Pediatric-onset FAP increases persistent anxiety, depression risk



Children who experience functional abdominal pain are at increased risk of anxiety that persists into early adulthood, findings from a prospective case-control study suggest.

The lifetime risk of an anxiety disorder in 332 patients who were diagnosed with functional abdominal pain (FAP) during childhood was 51.2%, compared with 20.4% in 147 control subjects. After controlling for age and gender, those who experienced FAP in childhood had a nearly fivefold increased lifetime anxiety disorder risk (odds ratio, 4.59), Grace D. Shelby, Ph.D., of Vanderbilt University, Nashville, Tenn., and her colleagues reported online Aug. 12 in Pediatrics.

"Similarly, a significantly higher proportion of the FAP group met criteria for [one or more] current anxiety disorders at follow-up, compared with the control group (30.4% vs. 11.6%). The odds ratio for any current anxiety disorder was 3.57 times greater for FAP, compared with controls," the investigators said (Pediatrics 2013 Aug. 12[doi:10.1542/peds.2012-2191]).

The most common anxiety disorder in the FAP group was social anxiety disorder, which was diagnosed in 25.9% of the patients, whose lifetime risk of social anxiety was nearly six times greater than the risk among controls (OR, 5.84) and whose risk for current social anxiety disorder at follow-up was more than eight times greater than the risk among controls (OR, 8.14), they said.

Patients with functional abdominal pain also were at increased lifetime risk of depressive disorders, compared with controls (40.1% vs. 16.3%; OR, 2.62), although current depression risk was low and did not differ between the groups.

The risk of both anxiety disorders and depressive disorders was greatest among those with FAP who met Rome III Diagnostic Questionnaire for Functional Gastrointestinal Disorders criteria for an abdominal pain-related functional gastrointestinal disorder (FGID) at follow-up.

In most study participants who met criteria for a lifetime anxiety disorder, onset occurred during childhood and the age of onset did not differ between the cases and controls (mean age of onset, 7.78 years and 8.97 years, respectively). Conversely, the onset of depressive disorders was usually during adolescence; the mean age of onset for depression also did not differ between cases and controls (mean of 15.96 and 14.92 years, respectively).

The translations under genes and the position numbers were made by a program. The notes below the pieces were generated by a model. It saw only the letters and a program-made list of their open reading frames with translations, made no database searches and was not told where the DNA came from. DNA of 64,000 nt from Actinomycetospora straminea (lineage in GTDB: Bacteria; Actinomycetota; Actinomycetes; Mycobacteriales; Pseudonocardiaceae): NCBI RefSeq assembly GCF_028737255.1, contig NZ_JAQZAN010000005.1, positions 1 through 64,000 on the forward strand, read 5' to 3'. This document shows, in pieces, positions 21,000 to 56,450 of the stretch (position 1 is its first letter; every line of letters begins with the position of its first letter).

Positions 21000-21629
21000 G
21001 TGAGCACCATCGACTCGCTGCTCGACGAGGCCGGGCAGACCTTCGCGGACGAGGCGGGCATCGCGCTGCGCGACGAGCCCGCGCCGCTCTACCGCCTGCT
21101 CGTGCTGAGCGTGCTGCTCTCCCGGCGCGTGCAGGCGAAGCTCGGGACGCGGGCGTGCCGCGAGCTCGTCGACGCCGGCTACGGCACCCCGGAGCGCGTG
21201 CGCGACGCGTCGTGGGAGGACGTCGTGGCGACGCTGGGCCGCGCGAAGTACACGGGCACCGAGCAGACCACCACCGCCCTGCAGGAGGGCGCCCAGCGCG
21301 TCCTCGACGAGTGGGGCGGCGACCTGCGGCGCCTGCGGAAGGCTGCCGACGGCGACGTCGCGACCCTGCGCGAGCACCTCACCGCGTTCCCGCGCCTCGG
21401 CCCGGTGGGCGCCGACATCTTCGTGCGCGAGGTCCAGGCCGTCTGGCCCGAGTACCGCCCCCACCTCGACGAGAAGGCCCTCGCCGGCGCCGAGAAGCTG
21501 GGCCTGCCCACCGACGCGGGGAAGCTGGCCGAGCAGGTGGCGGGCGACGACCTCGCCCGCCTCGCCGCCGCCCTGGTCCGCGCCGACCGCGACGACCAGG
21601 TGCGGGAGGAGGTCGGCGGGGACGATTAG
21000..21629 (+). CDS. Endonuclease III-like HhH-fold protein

Most FAP patients with a lifetime anxiety disorder (72.62%) reported onset before their FAP evaluation, and most of those with lifetime depressive disorders (77.27%) reported onset after their FAP evaluation, the investigators said.

Patients in this study were consecutive new patients, aged 8-17 years, who were evaluated between 1993 and 2007 at the Vanderbilt pediatric gastroenterology service for abdominal pain lasting 3 or more months. Control subjects were children without abdominal pain who were recruited from area schools and who participated in a health survey in the same time period. Those who had reached at least age 12 years, and who were initially evaluated at least 4 years prior, were included in the follow-up study and were followed prospectively for a mean of 8.49 years; subjects were re-evaluated at a mean age of 20.01 years.

The findings support those of a smaller study published in 2001 (Pediatrics 2001;108:e1) that also showed a link between recurrent abdominal pain in childhood and increased likelihood of meeting diagnostic criteria for lifetime and current anxiety disorders in adulthood. The current findings "underscore the importance of a biopsychosocial approach to FAP that includes screening for anxiety and depression," the investigators said, adding that future research should assess whether interventions for mental health conditions in FAP also improve abdominal pain outcomes.

This study was supported by grants from the National Institute on Child Health and Development, Vanderbilt Kennedy Center, Vanderbilt Digestive Disease Research Center, and the Vanderbilt Clinical and Translational Science Award from the National Institutes of Health. Dr. Shelby was supported by a training grant from the National Institute of Mental Health. The authors reported having no other disclosures.

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